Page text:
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As the U.S. Supreme Court weighs the constitutionality of the Affordable Care Act, what does the future hold for health care creditors and those in health care collections?

Last week the court heard three days of testimony on the constitutionality of one of the keystones of the 2010 Affordable Care Act, the requirement that an estimated 32 million uninsured Americans must purchase health insurance beginning next year or face a penalty. The court is expected to deliver a decision in June.

For health care creditors such as hospitals and other medical service providers, profitability depends upon reducing bad debt, the majority of which comes from patients who fail to pay their bills. If the highest court in the United States decides against the individual mandate, health care creditors and health care collections will see maintenance of the status quo with regard to patient no-pays. If the court instead sides with Congress and the president, millions of Americans will be required to have health insurance, reducing health care debt and a commensurate drop in health care collections.

No one knows what the nine justices will decide, but Wall Street, for one, has begun to hedge its bets on health care-related bonds, Heather Perlberg and Sridhar Natarajan of Bloomberg reported last week. If the Supreme Court strikes down the individual mandate provision, investors perceive that healthcare organizations will become less profitable, and are therefore taking steps to protect their investments against losses through financial instruments known as credit-default swaps.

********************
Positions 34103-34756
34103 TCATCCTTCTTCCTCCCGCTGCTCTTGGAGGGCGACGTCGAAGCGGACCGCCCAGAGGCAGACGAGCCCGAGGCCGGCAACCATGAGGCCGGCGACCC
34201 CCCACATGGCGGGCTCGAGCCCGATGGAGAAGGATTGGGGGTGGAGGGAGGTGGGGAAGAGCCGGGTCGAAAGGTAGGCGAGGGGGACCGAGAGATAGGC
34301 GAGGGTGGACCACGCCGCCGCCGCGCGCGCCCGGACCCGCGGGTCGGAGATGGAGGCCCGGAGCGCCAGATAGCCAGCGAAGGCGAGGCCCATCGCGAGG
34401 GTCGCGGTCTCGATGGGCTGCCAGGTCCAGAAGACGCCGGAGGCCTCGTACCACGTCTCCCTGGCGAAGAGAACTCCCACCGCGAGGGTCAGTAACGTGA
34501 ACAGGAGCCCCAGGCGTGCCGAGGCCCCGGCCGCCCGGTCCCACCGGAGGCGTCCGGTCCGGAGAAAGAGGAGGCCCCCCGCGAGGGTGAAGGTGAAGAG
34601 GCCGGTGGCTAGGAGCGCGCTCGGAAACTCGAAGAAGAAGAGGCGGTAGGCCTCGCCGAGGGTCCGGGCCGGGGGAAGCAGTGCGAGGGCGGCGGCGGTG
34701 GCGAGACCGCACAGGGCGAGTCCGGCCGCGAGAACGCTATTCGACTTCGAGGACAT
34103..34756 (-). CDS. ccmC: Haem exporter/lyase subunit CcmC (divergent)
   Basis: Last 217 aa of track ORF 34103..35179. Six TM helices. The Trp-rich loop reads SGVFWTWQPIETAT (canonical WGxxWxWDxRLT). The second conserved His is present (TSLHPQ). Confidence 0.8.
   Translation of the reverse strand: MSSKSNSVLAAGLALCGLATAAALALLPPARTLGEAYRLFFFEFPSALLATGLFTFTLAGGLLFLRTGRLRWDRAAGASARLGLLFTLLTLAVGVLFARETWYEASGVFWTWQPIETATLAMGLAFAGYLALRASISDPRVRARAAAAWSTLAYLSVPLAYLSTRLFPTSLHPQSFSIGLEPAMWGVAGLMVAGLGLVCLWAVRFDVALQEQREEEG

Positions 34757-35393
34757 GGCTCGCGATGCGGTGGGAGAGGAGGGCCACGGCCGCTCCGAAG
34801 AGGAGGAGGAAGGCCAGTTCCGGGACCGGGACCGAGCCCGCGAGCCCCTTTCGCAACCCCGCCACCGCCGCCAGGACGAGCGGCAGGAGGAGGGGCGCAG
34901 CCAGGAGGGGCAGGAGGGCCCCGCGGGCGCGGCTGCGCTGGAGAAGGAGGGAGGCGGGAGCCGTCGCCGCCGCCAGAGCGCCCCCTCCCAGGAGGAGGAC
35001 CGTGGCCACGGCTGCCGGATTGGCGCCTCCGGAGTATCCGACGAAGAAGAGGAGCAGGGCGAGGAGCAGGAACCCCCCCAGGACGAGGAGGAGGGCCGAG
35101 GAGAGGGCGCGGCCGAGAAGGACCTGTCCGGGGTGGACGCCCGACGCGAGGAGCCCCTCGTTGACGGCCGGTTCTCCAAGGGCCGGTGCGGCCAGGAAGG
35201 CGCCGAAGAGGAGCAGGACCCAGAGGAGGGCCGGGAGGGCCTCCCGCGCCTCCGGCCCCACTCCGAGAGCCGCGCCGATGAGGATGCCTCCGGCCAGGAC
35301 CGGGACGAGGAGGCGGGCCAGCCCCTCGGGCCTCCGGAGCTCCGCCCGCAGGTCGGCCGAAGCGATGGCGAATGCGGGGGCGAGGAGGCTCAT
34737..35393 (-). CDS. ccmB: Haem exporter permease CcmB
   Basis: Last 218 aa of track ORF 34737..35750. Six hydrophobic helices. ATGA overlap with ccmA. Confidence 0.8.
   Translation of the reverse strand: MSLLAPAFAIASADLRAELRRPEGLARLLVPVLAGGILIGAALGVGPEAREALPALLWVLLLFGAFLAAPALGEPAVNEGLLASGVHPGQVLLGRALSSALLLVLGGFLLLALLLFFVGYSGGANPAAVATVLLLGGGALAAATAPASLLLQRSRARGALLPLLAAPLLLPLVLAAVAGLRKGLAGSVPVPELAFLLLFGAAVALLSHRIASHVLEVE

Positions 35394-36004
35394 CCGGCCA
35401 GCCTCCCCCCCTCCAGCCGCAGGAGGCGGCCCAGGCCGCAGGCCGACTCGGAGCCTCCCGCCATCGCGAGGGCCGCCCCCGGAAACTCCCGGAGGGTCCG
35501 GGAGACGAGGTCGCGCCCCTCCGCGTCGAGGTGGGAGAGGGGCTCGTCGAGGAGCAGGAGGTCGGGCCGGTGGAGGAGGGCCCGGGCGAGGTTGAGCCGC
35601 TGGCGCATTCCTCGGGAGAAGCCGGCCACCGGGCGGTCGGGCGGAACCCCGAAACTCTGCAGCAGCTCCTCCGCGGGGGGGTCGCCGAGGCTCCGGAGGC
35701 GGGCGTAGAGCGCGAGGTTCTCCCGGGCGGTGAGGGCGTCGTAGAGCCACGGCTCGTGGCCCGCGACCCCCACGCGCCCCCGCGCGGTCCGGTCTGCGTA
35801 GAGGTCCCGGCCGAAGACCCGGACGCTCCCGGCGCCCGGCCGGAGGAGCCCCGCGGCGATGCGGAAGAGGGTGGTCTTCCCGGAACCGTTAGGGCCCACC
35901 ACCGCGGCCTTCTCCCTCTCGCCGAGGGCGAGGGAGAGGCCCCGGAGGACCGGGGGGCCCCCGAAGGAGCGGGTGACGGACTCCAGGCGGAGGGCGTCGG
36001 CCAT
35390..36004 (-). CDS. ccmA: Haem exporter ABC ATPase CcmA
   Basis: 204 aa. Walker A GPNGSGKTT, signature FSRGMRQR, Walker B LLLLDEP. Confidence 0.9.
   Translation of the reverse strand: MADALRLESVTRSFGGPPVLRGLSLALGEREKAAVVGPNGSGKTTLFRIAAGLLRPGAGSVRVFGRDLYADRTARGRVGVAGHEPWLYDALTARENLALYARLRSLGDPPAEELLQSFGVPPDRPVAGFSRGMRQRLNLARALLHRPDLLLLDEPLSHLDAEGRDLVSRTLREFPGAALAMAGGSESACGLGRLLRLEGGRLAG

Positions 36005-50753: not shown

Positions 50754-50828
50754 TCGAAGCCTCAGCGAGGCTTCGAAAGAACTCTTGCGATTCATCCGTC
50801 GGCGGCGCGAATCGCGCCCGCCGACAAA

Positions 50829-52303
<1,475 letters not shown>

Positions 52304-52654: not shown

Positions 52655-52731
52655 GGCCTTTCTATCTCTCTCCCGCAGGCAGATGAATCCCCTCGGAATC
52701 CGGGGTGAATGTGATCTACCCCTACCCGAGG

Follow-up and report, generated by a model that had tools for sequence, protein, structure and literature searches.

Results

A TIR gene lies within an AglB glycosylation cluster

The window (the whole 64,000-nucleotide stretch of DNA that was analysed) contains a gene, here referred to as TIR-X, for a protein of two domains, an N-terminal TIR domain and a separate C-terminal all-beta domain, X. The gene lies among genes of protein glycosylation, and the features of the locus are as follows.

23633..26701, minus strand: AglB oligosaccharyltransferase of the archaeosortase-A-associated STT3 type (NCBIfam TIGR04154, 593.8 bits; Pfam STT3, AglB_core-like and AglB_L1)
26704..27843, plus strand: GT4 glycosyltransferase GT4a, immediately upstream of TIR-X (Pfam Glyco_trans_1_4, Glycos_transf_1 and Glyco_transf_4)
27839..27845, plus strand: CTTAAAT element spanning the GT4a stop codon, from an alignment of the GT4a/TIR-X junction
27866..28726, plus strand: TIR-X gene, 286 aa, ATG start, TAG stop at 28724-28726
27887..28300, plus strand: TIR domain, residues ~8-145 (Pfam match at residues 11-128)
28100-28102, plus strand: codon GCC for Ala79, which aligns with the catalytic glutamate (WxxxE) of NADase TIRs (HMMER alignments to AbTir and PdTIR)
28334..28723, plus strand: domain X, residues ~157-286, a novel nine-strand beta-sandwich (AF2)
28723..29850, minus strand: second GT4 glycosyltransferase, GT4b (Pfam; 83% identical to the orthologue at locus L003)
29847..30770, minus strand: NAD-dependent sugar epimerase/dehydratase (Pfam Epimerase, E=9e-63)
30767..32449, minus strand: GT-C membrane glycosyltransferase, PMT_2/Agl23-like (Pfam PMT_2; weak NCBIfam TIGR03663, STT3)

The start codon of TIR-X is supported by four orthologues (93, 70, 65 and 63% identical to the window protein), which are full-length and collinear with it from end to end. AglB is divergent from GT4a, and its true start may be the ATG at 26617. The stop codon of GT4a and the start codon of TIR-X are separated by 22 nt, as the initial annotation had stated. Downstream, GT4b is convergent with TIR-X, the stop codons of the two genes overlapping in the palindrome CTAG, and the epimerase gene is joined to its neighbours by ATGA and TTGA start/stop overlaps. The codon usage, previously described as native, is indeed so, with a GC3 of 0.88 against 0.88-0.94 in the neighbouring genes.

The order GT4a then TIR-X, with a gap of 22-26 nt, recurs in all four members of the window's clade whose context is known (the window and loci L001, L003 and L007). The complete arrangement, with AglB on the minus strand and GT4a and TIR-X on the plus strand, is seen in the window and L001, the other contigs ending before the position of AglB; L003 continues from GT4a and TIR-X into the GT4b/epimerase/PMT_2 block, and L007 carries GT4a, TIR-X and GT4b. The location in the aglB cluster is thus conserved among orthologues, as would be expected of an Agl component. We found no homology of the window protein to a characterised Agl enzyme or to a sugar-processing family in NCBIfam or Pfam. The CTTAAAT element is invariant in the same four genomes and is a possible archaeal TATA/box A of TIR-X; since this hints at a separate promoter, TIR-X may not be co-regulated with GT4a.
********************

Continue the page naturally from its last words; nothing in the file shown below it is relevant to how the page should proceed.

Medicare Cuts

Regardless of what the Supreme Court decides, health care creditor bad debt will not be going away any time soon. As millions of aging Baby Boomers become eligible for Medicare, the federal government has responded by cutting reimbursements to health care providers.

As Bryan Rye in Business Week points out, several provisions of the Affordable Care Act that are not under review by the Supreme Court will directly affect the bottom line of health care creditors.

The Act cuts Medicare reimbursements to hospitals by $155 billion through 2020, which represents a 2 percent reduction, which many perceive as manageable. Rye points out that when combined with the Medicare cuts from the Middle Class Tax Relief and Job Creation Act of 2012 that was signed in February, hospitals will endure a double-whammy that will go directly into bad debt.

The Middle Class Relief Act contains several provisions related to Medicare reimbursements. One of the provisions is postponement of cuts to Medicare reimbursement to the tune of 27 percent. To fund that, the Congress and President eliminated government reimbursements for patients who fail to pay their medical bills, transforming those into bad debt.

Today Medicare reimburses health care providers anywhere between 70 and 100 percent of bad debt from eligible patients who fail to pay their deductible or co-pay bills. That percentage will now be cut to 65 percent across the board, although for those health care providers who currently receive reimbursements on 100 percent of bad debt, the new law will reduce that percentage to 65 percent over the next three years.

The biggest loser in the Affordable Care Act, according to Rye, are home health care providers, who will have Medicare reimbursements cut by $40 billion over the next 10 years. “What’s more, Congress is also considering whether to add a co-payment requirement for patients, opening up providers to increased bad-debt expenses,” Rye writes.